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  • Press Release

Ohio Leaders Respond to Court Decision Temporarily Blocking Social Media Parental Notification Act

Law was to go into effect January 15, 2024


(COLUMBUS, Ohio)—Ohio Governor Mike DeWine and Lt. Governor Jon Husted released the following statements after Chief Judge Algenon L. Marbley, the United States District Judge for the Southern District of Ohio, Eastern Division, granted tech lobbying group NetChoice’s request to temporarily stop the Social Media Parental Notification Act from being enforced beginning January 15 while their request for a preliminary injunction is pending. NetChoice represents Meta and other social media giants.


“I supported the Social Media Parental Notification Act because parents should have a role in their children’s social media use," said Governor DeWine. “The negative effects that social media sites and apps have on our children’s mental health have been well documented, and this law was one way to empower parents to have a role in their kids’ digital lives. I am disappointed in this injunction and hope it will be lifted as the case further proceeds so these important protections for children can take effect.”


“I’m very disappointed in today’s ruling,” said Lt. Governor Husted. “The big-tech companies behind this lawsuit were included in the legislative process to make sure the law was clear and easy to implement, but now they claim the law is unclear. They were disingenuous participants in the process and have no interest in protecting children."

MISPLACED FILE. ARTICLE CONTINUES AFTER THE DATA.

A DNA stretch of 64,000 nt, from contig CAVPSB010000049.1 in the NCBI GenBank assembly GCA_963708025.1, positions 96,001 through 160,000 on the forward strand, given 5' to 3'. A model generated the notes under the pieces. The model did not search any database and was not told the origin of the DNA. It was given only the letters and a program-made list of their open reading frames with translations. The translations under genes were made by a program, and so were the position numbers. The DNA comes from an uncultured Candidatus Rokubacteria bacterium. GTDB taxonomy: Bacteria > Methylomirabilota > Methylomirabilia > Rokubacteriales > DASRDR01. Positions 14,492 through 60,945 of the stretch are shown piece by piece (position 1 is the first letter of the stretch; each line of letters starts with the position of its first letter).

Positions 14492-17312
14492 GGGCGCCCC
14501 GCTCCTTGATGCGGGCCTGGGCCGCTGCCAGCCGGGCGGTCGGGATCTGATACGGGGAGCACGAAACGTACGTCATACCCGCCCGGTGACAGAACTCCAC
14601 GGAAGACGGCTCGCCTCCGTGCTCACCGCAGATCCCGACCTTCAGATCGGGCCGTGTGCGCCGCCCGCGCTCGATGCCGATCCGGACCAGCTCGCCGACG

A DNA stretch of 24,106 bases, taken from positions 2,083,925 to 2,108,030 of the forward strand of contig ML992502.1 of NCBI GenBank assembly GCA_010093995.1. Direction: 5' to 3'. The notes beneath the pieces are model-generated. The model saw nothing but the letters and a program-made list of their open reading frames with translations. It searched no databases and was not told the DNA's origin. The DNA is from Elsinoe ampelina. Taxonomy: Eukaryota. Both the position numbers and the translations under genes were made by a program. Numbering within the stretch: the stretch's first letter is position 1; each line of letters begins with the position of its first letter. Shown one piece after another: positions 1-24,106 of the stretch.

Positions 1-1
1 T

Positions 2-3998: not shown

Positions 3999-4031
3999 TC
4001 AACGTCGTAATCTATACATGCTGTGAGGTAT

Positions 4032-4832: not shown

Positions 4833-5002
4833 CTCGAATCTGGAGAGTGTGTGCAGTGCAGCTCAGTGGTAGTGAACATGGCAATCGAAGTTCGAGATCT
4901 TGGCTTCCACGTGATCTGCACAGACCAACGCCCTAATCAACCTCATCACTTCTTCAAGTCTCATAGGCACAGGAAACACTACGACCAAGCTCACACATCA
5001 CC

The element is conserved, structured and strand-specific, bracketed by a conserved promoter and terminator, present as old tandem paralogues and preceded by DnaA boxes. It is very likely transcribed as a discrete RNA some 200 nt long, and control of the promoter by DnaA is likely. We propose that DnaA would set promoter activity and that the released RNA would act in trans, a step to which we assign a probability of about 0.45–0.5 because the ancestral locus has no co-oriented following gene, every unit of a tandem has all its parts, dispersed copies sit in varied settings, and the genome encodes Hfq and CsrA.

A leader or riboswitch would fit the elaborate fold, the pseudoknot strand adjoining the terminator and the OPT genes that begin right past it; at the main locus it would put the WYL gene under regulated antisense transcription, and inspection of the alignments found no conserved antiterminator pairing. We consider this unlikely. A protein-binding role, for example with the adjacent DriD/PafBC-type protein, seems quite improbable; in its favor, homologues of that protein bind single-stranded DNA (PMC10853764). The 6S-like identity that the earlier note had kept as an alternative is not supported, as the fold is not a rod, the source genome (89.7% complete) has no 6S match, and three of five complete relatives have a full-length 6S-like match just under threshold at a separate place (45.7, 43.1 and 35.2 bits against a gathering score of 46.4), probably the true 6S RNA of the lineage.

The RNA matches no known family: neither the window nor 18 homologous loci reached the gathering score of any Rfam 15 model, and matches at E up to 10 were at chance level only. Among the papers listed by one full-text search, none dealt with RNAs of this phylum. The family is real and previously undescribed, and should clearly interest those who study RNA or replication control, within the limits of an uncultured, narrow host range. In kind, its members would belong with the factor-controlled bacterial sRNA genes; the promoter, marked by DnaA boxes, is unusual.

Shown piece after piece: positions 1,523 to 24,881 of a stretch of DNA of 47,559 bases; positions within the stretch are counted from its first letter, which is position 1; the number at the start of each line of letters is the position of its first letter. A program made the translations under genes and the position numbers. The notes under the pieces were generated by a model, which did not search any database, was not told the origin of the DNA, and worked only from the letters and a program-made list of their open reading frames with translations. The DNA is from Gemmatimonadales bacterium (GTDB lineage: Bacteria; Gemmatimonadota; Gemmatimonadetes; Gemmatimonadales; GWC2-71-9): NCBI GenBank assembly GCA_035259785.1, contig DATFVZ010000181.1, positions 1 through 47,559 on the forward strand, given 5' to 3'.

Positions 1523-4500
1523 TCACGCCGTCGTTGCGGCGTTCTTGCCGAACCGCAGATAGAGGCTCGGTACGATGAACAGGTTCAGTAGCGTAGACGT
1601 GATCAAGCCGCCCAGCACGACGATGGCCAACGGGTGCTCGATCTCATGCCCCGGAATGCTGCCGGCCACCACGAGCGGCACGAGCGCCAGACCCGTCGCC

The Social Media Parental Notification Act requires certain online companies to obtain verifiable parental consent to contractual terms of service before permitting kids under the age of 16 to use their platforms. This proposal was championed by Lt. Governor Husted, passed by the General Assembly, and signed into law by Governor Mike DeWine as part of the 2023-24 executive budget and was to take effect on January 15, 2024.


The law also includes a requirement for companies to provide parents with their privacy guidelines to show them what will be censored or moderated content on their child’s profile.


About the Social Media Parental Notification Act:


    Companies must:

        Create a method to determine whether the user is a child under the age of 16.

        Obtain verifiable parental or legal guardian consent.

        Send written confirmation of the consent to the parent or legal guardian.


    If the user indicates that they are under the age of 16, the following methods can be used for verification:

        Sign a digital form consenting to the terms of service.

        Use a credit card, debit card, or other online payment system.

        Call a toll-free telephone number.

        Connect to trained personnel via video-conference.

        Check a form of government-issued identification.


    Who this includes:

        Social media and online gaming/activities companies accessed by children

    Who this does NOT include:

        E-commerce: Online shopping

        Media outlets


If a parent or legal guardian fails or refuses to consent to the terms of service, the company must deny access or use of the online website, online service, online product, or online feature by the child. In cases in which operators fail to provide notification or a parent wishes to terminate a child's access, parents should contact the website operator who then has 30 days to terminate the child’s access. If parents are unsuccessful in the account being deleted, they are encouraged to file a complaint with the Ohio Attorney General’s Office at


For more information, read the full text here.


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